15 April 2015

Developing an app for smart food choices


In a new research project, FoodSMART, European scientists are working together to create an app to optimise the food choices made by consumers.

Imagine you are in the work canteen considering which food to choose. Should you go for the healthy looking meal with a lot of vegetables or should you dive into the big red steak with baked potatoes? And what will you have for dessert – a banana or the delicious looking carrot cake? One thing is you already have a good clue, as your cholesterol level, according to your doctor, is a bit high. Another thing is to actually know for sure right there on the spot.

FoodSMART is aiming to provide you with exactly that personal piece of information as quickly as you can scan the QR code on the different meals with your mobile phone. Equipped with your personal data, the app will tell you what the different meals will mean for your health.

FoodSMART is a four-year project with researchers from Austria (Ronge & Partner, SME), Denmark (UCPH-FOOD), France (Research Centre of the Institut Paul Bocuse), Greece (Hellenic Health Foundation), and the UK (Bournemouth University, and project coordinator) aiming to develop an ICT solution, like a mobile phone application, designed to provide food service providers and consumers with a variety of food-related information.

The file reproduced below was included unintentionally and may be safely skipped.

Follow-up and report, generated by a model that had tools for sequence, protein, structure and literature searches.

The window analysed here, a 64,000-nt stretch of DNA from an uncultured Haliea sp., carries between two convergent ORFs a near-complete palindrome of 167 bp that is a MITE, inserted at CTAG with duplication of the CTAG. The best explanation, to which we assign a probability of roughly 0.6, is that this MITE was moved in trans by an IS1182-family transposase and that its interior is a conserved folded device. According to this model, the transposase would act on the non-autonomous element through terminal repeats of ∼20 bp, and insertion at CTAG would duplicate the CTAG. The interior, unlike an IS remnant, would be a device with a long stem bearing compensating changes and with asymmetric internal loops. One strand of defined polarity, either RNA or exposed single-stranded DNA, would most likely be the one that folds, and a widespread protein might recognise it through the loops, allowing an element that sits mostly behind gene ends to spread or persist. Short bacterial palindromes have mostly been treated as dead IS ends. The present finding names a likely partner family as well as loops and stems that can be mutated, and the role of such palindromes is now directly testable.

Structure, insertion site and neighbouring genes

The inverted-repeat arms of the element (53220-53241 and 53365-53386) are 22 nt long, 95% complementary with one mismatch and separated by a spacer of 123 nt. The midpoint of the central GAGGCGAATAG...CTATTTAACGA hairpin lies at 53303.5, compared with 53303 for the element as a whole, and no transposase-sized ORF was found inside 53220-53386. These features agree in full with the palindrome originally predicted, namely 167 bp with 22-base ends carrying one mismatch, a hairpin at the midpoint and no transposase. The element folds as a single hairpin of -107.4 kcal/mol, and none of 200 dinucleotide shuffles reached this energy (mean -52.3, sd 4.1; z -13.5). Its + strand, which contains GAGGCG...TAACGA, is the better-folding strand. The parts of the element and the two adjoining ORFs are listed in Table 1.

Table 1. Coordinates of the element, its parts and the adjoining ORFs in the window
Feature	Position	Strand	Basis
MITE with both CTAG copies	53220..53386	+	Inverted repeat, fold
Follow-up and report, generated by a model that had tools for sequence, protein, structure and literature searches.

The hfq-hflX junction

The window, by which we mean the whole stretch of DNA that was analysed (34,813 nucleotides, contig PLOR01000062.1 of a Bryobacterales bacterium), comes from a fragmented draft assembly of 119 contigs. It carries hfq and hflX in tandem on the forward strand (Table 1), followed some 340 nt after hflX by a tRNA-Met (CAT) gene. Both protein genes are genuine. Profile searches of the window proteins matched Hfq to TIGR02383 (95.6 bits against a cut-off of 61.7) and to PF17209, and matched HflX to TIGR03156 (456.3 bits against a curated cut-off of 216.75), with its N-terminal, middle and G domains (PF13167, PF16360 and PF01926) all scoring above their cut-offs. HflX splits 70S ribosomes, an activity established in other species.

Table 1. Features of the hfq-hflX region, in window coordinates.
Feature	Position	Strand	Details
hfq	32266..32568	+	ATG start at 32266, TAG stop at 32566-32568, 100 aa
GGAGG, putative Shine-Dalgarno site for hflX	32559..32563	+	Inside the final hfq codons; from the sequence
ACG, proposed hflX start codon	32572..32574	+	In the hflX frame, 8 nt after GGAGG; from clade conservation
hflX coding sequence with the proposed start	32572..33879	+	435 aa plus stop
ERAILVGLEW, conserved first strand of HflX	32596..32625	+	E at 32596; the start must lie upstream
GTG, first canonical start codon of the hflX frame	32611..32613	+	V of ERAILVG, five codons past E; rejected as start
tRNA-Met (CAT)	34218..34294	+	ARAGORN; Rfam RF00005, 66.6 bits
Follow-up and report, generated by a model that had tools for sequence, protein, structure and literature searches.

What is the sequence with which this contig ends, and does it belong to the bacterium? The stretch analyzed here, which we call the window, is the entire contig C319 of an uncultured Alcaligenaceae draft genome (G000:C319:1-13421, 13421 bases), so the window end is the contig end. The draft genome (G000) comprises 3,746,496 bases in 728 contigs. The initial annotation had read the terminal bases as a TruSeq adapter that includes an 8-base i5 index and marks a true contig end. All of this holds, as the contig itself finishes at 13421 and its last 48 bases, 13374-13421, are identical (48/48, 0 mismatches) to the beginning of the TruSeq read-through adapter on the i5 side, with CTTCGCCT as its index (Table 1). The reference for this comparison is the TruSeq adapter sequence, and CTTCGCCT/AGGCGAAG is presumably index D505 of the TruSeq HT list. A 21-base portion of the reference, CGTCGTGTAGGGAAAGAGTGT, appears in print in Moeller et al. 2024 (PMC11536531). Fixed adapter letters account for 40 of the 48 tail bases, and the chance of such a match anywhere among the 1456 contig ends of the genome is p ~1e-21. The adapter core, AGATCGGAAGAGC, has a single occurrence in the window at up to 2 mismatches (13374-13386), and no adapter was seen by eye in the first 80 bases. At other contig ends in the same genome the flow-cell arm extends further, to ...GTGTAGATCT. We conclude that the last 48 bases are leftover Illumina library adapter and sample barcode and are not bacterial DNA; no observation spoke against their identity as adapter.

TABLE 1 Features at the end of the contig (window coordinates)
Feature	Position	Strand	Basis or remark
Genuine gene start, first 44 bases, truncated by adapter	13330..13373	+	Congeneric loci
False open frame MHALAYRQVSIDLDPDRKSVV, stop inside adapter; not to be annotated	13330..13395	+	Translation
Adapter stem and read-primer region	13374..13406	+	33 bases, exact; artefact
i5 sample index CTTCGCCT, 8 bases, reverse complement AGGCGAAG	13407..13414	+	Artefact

An app with built-in respect for the environment

“If you are a fierce environmentalist, the app could provide you with the carbon footprint of each meal, so you can choose in harmony with your conscience,” said Associate Professor F. J. Armando Perez-Cueto, head of the project at Copenhagen University’s Department of Food Science.

The app will provide consumers with nutritional values, allergen information, food provenance, and carbon footprint. The application will be tested for acceptance and usability in all participating countries.

“My hope is that the project will change the level of information that is written on food packages. I am dreaming of the day when you only have to read a QR code with you mobile application and you will get important information about the food you are about to buy in the office canteen – or in the supermarket,” he continued. 

Generating mobility among young researchers

This European project is funded by the Research and Innovation Staff Exchange (RISE) program of Marie Sklodowska-Curie Actions.

“The idea of this program is to generate mobility. It facilitates industry to go into academia and vice versa – and that scientists and students travel and work in other countries. The philosophy is to create a European identity – between sectors and between countries and to create willingness to travel for jobs,” said F. J. Armando Perez-Cueto.